Repetitive dialogue does its best to contribute a not-so-dramatic feel to the action -- despite the presence of several of the film’s actors doing voice-over work -- with a constant stream of pathetic taunts from bad guys like “I see you!” and “You’ll never catch them all, but I bet you’ll try!” You’d just as soon they remain mute so you can hear Wolverine’s clanking claws and the hollow plunk of severed bamboo and not be distracted by all the chitchat.

The Official Game is a single-player experience only, though it does offer some extras. You can pick up Sentinel technology and Weapon X files, and if you collect enough, you unlock costumes and Danger Room scenarios that provide some practice you don’t particularly need. Even though the extras don’t feel essential to the experience, the collectibles are easy enough to come by with a modest amount of hunting, so it’s probably worth the trouble for anyone trying to squeeze maximum entertainment value out of the game.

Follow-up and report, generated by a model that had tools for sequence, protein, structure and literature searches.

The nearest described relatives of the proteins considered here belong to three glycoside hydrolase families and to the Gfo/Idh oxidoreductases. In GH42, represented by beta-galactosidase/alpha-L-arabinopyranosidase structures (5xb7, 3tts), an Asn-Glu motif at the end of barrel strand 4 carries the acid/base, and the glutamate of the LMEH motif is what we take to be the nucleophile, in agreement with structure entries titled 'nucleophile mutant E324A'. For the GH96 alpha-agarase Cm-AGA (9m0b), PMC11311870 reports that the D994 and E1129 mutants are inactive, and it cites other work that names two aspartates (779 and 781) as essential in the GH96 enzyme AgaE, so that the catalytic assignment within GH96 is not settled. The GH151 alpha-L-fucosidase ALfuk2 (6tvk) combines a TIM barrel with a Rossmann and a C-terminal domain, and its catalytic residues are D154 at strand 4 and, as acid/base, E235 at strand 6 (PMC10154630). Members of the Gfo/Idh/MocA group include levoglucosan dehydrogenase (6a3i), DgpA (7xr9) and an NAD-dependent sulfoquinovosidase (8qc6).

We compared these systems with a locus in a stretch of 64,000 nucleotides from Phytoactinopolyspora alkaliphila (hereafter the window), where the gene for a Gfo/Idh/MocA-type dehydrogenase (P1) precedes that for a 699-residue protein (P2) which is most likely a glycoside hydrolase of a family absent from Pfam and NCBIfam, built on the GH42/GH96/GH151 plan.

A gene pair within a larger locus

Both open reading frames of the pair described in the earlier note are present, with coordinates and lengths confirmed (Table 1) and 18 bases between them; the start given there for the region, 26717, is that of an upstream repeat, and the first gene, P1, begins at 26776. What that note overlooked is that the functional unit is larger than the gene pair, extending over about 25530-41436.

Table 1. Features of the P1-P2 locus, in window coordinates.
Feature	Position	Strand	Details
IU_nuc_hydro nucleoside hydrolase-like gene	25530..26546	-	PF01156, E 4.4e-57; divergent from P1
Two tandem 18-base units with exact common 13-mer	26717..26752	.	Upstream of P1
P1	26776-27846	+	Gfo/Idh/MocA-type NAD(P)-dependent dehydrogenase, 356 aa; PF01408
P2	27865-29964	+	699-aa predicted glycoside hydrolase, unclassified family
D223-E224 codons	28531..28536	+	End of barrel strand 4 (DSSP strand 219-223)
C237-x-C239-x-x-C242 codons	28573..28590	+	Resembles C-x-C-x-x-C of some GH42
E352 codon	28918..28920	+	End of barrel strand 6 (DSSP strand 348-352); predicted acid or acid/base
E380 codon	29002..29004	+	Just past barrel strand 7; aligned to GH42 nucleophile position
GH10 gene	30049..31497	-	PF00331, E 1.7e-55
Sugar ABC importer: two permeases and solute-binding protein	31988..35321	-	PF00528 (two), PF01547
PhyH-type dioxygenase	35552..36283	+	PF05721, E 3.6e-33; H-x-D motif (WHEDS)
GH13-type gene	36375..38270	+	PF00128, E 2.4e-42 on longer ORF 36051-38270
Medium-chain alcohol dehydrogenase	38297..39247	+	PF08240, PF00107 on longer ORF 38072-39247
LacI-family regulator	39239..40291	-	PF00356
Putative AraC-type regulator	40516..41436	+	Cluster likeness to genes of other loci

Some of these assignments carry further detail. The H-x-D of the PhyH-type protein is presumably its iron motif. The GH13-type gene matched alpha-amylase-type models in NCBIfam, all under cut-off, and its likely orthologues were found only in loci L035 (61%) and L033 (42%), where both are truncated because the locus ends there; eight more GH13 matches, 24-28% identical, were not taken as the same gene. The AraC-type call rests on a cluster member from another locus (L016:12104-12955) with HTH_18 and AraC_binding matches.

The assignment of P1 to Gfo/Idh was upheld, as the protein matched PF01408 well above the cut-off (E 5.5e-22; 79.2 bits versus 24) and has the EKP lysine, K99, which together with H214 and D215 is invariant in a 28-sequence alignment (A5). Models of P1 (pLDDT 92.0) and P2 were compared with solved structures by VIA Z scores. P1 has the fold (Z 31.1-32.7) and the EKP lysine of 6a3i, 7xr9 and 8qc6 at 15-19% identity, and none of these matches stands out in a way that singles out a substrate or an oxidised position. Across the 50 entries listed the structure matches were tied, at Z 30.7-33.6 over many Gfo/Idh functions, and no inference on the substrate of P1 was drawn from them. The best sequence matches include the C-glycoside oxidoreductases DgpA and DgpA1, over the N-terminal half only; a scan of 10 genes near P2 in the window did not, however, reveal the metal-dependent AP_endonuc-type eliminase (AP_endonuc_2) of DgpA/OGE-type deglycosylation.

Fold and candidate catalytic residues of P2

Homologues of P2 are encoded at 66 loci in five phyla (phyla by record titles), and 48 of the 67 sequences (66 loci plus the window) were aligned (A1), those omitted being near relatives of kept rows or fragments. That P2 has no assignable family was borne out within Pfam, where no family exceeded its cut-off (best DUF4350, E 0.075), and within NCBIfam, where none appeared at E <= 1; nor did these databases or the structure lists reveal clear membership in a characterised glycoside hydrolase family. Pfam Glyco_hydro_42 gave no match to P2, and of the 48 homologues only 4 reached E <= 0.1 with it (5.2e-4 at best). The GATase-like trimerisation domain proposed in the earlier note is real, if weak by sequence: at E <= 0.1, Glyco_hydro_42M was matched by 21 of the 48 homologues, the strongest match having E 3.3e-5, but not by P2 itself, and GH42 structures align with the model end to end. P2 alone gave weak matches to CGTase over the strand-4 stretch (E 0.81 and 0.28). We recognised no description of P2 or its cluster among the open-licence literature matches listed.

An Uncanny Disappointment

And so a desperate hope at salvaging an exciting X-Men experience from this summer’s game-movie combo did not come to pass. The broad strokes of story in the Official Game aren’t without their intrigue, but the overwhelming pedestrian nature of the combat and uninspired treatment of the villains crush both the dramatic potential of the story and the gameplay possibilities of the characters’ unique abilities. Your best bet is to go back to X-Men Legends, reread back issues of Astonishing X-Men and hope that the X-Men get treated a little better the next time around.

Score: 5.5/10